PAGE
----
Not all heroes wear muscle, fur and heavy swords. Sometimes it's enough to spend a winter lonely on the couch. Sometimes it takes ingenuity, agility and perseverance. This week, we recognize three local businesses that have been hit particularly hard by the lockdown. Either because they were very young, very traditional or simply too small for a crisis of this size: the Pinsa Manufaktur in Stuttgart, the Tanzfabrik in Berlin and the Kreuzberg lunch cafe Schnittchen.
Bessem Lamari, founder of Pinsa Manufaktur, has dedicated an entire restaurant to the inimitably crispy, fluffy delicacy. Opening only in September 2019, Pinsa Manufactory was among the local businesses hit hardest by the lockdown. In the midst of construction, with no financial reserves, no delivery business and no regular customers. But Bessem and the Pinsa have made it - thanks to the irresistibly delicious Pinsa and their now countless fans who go to bat for them. For example, through a donation-funded solidarity campaign. Together with two other Stuttgart restaurants, Pinsa Manufaktur supplied the doctors and nurses of the Covid ward at Stuttgart Hospital in January.
The inner values. Both are in principle occupied dough pancakes. But the Pinsa is wonderfully old-fashioned in its production. The dough is prepared from a mixture of different flours - rice flour is included, soy flour, sourdough, lots of water and, above all, lots and lots of time. The pinsa is allowed to chill in the refrigerator for up to five days, slowly forming clouds, before it is put into the hot oven, devotedly brushed with sugo. The result: crispy on the outside, fluffy on the inside. And extremely digestible.
By the way: For the Pinsa Manufactory, the "lockdown" is currently not yet over. The guest room is small. With the current restrictions, reopening would not be economical. That's why you can still pick up or have the Pinsa delivered at the moment. You are from Stuttgart? Try Pinsa.
There is more to our local life than restaurants. They all belong to it - the pharmacy offering advice, the wacky fantasy bookshop, the flashy beauty salon, but also all the yoga, fitness, and dance studios that get us moving every day. Like the restaurants, they were the first to close at every lockdown and are now the last to reopen. How many will ultimately survive is an open question. The Dance Factory exemplifies all the places of movement that stumbled with the lockdown.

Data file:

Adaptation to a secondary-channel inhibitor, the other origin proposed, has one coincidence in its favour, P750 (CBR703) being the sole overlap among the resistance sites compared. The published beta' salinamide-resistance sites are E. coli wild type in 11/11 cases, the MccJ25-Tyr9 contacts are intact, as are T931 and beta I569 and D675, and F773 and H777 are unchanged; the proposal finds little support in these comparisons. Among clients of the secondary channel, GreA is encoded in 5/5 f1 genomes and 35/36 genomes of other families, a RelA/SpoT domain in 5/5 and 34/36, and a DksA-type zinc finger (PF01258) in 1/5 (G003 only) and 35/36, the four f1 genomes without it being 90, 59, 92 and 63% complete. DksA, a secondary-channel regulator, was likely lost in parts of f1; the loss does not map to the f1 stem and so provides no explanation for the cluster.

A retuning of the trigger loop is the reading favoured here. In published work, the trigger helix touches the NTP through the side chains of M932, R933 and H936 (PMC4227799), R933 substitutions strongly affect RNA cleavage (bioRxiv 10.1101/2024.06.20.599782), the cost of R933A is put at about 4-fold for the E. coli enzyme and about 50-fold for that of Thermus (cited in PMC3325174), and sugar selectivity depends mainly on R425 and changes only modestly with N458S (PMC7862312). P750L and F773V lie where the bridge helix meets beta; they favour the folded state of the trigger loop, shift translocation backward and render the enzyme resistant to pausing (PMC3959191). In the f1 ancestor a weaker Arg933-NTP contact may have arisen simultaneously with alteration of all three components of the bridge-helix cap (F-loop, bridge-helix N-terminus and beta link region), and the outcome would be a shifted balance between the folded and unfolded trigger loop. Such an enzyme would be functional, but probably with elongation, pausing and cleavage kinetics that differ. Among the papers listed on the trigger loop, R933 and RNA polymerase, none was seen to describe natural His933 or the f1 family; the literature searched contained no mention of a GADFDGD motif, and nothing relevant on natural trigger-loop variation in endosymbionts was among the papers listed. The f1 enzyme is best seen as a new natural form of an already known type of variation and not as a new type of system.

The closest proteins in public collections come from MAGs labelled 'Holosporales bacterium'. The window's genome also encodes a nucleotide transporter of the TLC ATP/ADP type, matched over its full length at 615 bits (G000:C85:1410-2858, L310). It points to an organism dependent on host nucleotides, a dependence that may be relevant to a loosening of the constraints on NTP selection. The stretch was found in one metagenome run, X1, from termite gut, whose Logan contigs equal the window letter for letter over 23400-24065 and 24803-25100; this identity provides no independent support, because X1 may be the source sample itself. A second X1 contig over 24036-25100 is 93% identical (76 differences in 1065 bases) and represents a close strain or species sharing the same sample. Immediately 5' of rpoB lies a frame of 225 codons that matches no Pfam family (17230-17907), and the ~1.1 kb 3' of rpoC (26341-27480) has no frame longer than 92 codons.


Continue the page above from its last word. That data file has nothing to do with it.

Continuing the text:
Founded in 1978 in the style of the "roaring 70s," it danced, performed, celebrated and slept in the workshops of a former lamp factory. Initiators: a motley collective of artists and students with a holy mission: away with tutu and pointe shoes - clear the stage for wild experiments. And - mission accomplished: For over 40 years now, the Tanzfabrik has enjoyed an international reputation as a stage and training institute. It has - as intended - given contemporary dance a home in Berlin, and to all others who like nothing better after work than to hop, twirl, swing and jump through vast factory halls in a contemporary and wild way.
The dance factory is a real tanker of the offline world. It has had a much harder time joining the lockdown trend to online classes via conferencing tools than many cutting-edge fitness service providers. But in the end, it has successfully overcome the digitalization threshold and made it into the living rooms of its fans with tolerable audio quality via online booking systems, video platforms and co. The dance factory has survived - not all the artists - but the place.
With the Cafe Schnittchen in the Großbeerenkiez, the Irish Maureen Crowley had fulfilled a dream almost ten years ago and created a kind of public living room in her neighborhood. With cozy sofas, dainty kidney tables and real books on the windowsill. She serves - slices, of course, homemade lemonade, but also Irish and local treats. Her spaetzle, for example, are highly regarded even by real Swabians and were highly sought-after takeaway food at the neighborhood home-school office lunch. Still, Cafe Schnittchen almost didn't survive the lockdown.
With the closing of the surrounding offices and the Theater am Halleschen Ufer, the Schnittchen had lost all of its lunch business. The Berlin radio station stepped in. As part of a donation-funded Corona Instant Help program, it symbolically ordered 500 cups of coffee and 500 pieces of cake for a total of €2750. #ThankYou #BerlinerRundfunk
Maureen now wonders. Will people return to the offices at all. And if so, will they find their way back to her at the lunch table. Everything depends on that for her now. Let's go! Have lunch at Maureen's!
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